My days post-transplant have already settled into a welcome but not especially stimulating routine: vitals and a new nurse at 7:00, trying to sleep more till breakfast; sitting and working on something writing-related; a visitor (Kate) or two (my parents) before or at lunch; then a dozy period in the afternoon when I pretend to be working hard but am often really nodding in my chair; then exercise on my bike and a shower before dinner; more work and doziness after dinner; a book to relax till last labs and bedtime anytime between 10:00 and 11:00 PM; then a long struggle to fall asleep against the various tides pressing on my bladder and belly; then, finally, a wee-hours plea for whatever sleep-inducing meds they will let me have. My mouth is dry, and so is my throat, since my mucous membranes are disappearing quickly from all the radiation and chemo, but I can still eat and drink without serious discomfort.
This is really as good as it’s going to get for quite a while, until the new stem cells take root and start making me a new fresh immune system. The short-term goal is a largely negative one: to avoid getting a nasty infection that would make life significantly worse. So I’m not sure how meaningful my daily updates will be for the next little while; it’s tempting to post something every day, just for fun (as I’ve started doing on Facebook), but in essence no news is good news, and thus I may just check in with a thought, a link to a song, or something every day (as proof of life, if nothing else) rather than continue with detailed narratives of events that are already starting to seem repetitious.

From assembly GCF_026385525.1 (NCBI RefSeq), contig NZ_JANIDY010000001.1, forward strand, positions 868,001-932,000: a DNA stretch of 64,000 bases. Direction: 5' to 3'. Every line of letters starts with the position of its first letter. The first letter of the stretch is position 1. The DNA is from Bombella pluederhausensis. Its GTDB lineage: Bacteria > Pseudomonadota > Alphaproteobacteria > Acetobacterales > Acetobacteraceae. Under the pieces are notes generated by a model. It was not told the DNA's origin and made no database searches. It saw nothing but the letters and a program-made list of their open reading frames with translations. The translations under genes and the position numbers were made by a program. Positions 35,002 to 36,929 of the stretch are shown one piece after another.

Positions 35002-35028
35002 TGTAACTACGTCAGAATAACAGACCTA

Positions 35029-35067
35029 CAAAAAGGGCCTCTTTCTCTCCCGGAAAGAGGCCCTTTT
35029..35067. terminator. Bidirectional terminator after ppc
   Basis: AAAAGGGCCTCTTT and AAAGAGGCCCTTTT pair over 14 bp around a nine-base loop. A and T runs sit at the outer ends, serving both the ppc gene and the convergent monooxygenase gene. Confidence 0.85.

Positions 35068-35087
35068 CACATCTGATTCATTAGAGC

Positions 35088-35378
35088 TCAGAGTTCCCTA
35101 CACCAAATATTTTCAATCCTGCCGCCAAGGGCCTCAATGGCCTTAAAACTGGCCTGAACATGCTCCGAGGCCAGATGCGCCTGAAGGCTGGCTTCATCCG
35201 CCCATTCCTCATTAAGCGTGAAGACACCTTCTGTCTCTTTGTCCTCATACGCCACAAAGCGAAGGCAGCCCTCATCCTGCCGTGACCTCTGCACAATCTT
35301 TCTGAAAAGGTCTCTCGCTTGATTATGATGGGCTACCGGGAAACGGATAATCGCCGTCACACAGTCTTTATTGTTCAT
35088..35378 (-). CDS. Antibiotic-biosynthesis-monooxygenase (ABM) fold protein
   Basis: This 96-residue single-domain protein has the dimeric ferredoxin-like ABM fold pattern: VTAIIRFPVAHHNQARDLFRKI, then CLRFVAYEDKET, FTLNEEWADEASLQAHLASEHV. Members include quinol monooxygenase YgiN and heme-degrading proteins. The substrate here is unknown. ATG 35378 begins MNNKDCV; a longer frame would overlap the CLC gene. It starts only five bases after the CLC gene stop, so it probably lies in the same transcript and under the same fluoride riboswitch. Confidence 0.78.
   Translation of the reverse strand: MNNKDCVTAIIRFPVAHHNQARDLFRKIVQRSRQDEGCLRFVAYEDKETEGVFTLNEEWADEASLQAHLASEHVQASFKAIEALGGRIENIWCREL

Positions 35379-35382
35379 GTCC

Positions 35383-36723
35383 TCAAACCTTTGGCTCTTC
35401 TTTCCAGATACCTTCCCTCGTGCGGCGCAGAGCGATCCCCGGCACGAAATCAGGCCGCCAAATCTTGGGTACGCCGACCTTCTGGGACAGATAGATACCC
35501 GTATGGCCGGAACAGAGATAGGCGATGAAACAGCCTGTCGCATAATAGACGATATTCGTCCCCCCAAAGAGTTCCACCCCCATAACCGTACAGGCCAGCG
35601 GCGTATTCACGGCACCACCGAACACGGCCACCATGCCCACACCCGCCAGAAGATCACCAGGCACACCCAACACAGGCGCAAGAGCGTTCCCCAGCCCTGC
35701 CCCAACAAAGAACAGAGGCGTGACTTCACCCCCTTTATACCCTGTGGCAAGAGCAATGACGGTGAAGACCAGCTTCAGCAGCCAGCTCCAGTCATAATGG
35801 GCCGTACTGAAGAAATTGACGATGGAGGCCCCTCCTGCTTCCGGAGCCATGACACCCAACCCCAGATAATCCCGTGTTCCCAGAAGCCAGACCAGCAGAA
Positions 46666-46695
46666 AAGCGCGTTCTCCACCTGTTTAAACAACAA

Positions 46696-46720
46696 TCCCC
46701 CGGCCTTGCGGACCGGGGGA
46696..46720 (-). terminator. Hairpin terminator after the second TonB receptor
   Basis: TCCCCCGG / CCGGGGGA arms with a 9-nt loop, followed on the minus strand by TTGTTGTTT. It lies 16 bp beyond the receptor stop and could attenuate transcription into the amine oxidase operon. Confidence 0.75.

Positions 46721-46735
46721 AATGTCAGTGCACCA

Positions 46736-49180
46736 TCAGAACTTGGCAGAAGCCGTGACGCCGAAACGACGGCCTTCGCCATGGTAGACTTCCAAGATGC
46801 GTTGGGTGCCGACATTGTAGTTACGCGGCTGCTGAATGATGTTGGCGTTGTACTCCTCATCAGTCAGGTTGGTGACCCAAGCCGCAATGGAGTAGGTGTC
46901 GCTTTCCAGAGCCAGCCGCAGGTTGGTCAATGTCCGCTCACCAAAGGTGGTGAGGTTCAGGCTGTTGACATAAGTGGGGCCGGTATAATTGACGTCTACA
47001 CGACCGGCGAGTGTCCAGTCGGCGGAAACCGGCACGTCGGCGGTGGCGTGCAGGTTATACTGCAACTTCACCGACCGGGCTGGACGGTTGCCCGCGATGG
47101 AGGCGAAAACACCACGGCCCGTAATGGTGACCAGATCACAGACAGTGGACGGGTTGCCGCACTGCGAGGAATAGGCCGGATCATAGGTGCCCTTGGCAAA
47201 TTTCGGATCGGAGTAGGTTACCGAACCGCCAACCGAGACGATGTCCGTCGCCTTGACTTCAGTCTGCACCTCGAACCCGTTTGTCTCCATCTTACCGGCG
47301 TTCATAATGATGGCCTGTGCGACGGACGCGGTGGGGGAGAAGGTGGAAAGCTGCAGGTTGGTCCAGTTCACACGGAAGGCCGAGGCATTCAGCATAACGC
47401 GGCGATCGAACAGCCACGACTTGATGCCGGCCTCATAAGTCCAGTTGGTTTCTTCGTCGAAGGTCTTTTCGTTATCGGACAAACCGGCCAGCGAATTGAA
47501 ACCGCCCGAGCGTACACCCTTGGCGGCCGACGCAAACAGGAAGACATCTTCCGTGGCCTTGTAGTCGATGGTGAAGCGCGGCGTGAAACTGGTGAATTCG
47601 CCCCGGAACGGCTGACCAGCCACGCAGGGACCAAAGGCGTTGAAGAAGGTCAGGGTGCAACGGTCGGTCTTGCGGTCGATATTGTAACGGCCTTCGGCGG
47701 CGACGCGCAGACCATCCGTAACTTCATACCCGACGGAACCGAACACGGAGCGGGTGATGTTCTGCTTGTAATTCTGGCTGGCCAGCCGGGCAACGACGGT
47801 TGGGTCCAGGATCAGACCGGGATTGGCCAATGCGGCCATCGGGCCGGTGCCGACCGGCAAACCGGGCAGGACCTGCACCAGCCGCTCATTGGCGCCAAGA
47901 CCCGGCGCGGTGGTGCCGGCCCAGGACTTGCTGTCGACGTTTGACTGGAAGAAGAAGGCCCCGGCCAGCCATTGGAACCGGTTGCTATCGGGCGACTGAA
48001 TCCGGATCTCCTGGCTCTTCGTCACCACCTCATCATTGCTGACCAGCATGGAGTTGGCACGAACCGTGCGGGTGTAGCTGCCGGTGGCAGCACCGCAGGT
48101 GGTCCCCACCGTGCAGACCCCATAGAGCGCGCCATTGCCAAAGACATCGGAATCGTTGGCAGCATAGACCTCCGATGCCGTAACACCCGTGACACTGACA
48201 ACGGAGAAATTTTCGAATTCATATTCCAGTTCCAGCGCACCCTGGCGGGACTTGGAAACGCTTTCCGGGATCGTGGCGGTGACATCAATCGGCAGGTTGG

In that spirit, here’s a link to a Dire Straits song (“Brothers in Arms”) that I want to dedicate to my brother James: https://www.youtube.com/watch?v=k5JkHBC5lDs
I’ve loved this song since I heard it as a teenager, but I became obsessed with it during this past summer (well before I thought I’d need an allogeneic transplant with my brother’s stem cells) as I walked from home to the Cancer Center. The line about there being “so many different worlds” seemed to capture something bitterly true about the fragmentary nature human experience, and how wrapped up we can get in our own small lives, but the song’s calm acceptance of this uncomfortable cosmic fact gave me a certain serenity.